an and the future of the church, we're joined by monsignor rick hilgartner of the u.s. conference of catholic bishops. he's the executive director of the secretariat of divine worship. sister christine schenk, a catholic nun and executive director of future church, which calls for a more progressive church. and from rome, john allen of cnn. he covers the vatican for the network and for the "national catholic reporter." we thank you all three for being with us. john allen, i'm going to stay with you. how much of a surprise was this? >> judy, i think this was a near total shock. just to tell you how crazy it was, i was actually scheduled to have lunch with a senior vatican official, a guy who works just down the hall from the papal apartment. as of early this morning even he didn't know it was coming. as your set-up piece indicated the shock isn't the content of the decision -- benedict had hinted fairly openly that he was receptive to the idea of a pope resigning, that actually under some circumstances a pope would have an obligation t resign if he's not able to continue to rform his duties. b
life in prison. in economic news, output at u.s. auto plants fell in january, and that pushed overall manufacturing down after two months of gains. and on wall street today, the dow jones industrial average gained eight points to close at 13,981. the nasdaq fell six points to close at 3,192. for the week, both the dow and the nasdaq dropped a tenth of a percent. those are some of the day's major stories. now, back to judy. >> woodruff: president obama wrapped up his post-state of the union tour with a visit to his hometown today. margaret warner has the story. >> warner: the president's trip to chicago came amid the country's new focus on gun violence. and while he was there to talk about raising the minimum wage and expanding preschool for children, the city's surge of gun killings wasn't far from his mind. >> last year, there were 443 murders with a firearm on the streets of this city, and 65 of those victims were 18 and under. so that's the equivalent of a newtown everfour months. and that's precisely why the overwhelming majority of americans are asking for some common-sense propo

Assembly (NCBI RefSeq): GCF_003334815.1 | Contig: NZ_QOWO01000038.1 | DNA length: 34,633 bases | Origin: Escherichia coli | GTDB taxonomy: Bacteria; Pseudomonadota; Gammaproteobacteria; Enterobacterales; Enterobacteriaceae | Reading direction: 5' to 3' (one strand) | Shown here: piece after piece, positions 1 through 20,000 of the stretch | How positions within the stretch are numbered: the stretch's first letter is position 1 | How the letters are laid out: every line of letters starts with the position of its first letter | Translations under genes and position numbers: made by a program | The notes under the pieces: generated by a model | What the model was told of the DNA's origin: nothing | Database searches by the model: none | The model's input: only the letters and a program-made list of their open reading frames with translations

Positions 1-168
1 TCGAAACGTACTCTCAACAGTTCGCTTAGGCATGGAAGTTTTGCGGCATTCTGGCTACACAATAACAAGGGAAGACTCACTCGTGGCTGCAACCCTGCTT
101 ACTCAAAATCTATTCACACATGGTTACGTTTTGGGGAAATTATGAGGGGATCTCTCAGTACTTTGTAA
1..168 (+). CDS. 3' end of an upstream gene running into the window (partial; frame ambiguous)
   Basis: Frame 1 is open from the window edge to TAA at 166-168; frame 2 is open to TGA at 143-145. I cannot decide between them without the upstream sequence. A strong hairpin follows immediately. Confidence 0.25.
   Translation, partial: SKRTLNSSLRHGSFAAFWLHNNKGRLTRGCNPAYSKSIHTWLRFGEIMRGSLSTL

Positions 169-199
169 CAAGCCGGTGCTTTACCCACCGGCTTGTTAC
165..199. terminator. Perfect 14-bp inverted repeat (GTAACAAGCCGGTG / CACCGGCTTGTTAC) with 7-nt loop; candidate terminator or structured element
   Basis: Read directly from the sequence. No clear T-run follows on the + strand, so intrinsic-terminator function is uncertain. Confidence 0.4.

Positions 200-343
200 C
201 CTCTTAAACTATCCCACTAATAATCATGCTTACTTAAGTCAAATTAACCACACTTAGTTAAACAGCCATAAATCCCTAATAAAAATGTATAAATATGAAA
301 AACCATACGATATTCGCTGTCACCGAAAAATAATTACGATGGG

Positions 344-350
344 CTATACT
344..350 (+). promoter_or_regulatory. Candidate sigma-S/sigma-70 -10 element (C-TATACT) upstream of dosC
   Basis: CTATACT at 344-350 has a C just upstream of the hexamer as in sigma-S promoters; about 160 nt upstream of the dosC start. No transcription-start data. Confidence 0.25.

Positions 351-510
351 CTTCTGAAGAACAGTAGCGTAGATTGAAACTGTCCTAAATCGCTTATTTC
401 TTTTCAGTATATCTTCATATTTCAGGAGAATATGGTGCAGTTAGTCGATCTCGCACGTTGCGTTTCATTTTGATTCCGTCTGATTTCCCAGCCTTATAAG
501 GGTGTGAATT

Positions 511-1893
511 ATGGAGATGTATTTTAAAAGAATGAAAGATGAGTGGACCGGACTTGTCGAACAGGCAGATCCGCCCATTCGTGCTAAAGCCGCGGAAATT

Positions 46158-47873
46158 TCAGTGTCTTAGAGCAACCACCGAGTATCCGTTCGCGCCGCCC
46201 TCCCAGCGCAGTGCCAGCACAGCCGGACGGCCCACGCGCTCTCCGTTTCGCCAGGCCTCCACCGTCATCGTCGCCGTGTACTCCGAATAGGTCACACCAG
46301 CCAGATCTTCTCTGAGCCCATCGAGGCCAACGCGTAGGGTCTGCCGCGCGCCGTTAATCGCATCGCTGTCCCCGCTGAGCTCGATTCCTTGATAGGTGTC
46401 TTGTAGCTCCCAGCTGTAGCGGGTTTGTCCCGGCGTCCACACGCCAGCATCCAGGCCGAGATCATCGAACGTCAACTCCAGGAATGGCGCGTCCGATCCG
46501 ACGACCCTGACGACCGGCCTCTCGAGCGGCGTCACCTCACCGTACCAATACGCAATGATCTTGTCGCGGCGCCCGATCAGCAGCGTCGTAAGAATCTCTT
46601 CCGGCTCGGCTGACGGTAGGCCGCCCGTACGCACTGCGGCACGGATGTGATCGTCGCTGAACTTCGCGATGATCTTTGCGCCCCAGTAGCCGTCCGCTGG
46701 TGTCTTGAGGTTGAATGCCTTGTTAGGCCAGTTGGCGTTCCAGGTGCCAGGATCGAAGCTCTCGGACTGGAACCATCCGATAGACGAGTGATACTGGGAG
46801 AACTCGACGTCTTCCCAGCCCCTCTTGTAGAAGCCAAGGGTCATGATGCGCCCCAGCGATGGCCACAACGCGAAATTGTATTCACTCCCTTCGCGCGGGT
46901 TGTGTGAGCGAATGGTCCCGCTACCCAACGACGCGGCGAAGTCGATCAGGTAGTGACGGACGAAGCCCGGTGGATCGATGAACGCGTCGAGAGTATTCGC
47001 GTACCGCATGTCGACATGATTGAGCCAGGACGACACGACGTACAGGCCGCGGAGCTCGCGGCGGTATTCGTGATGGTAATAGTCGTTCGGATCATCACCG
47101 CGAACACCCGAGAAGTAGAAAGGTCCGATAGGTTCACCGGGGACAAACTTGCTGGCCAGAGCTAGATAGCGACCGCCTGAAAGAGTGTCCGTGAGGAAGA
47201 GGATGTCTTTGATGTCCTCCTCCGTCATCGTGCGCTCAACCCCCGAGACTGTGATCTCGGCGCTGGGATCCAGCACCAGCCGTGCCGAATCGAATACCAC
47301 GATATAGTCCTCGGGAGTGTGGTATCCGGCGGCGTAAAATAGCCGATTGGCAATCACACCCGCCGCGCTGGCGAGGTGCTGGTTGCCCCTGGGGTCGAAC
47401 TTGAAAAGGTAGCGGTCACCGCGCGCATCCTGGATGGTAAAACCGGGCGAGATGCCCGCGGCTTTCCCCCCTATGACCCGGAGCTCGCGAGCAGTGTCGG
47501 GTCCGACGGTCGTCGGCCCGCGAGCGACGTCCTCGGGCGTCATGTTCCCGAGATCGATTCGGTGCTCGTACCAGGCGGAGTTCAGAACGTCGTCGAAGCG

in cyberspace. >> it is costing hundreds of billions of dollars and thousands of u.s. jobs every year. >> counterterrorism expert who worked under the reagan administration, both the bushes, president clinton. the pit cyber warfare they're waiting on the united states and have been doing it for years. who has been minding the store? >> there was a bill that had been agreed to on some cybersecurity and, you may recall, that the privacy aficionado's went bonkers it is it bananas' and bonkers together. they flooded their members of congress and and it did not pass anything. meanwhile, there is not a serious person in washington of any ideology who has not known with increasing power that this is a problem. the president said he will use his executive powers to do it and for all these people on the internet, this is just like a range and there can be no regulation whatsoever. it will come back to haunt us. >> we have this huge defense establishment and we have a place in maryland where they're supposed to know about this. >> it raises a strategic question we have now really thought throug
Search Results 0 to 11 of about 12 (some duplicates have been removed)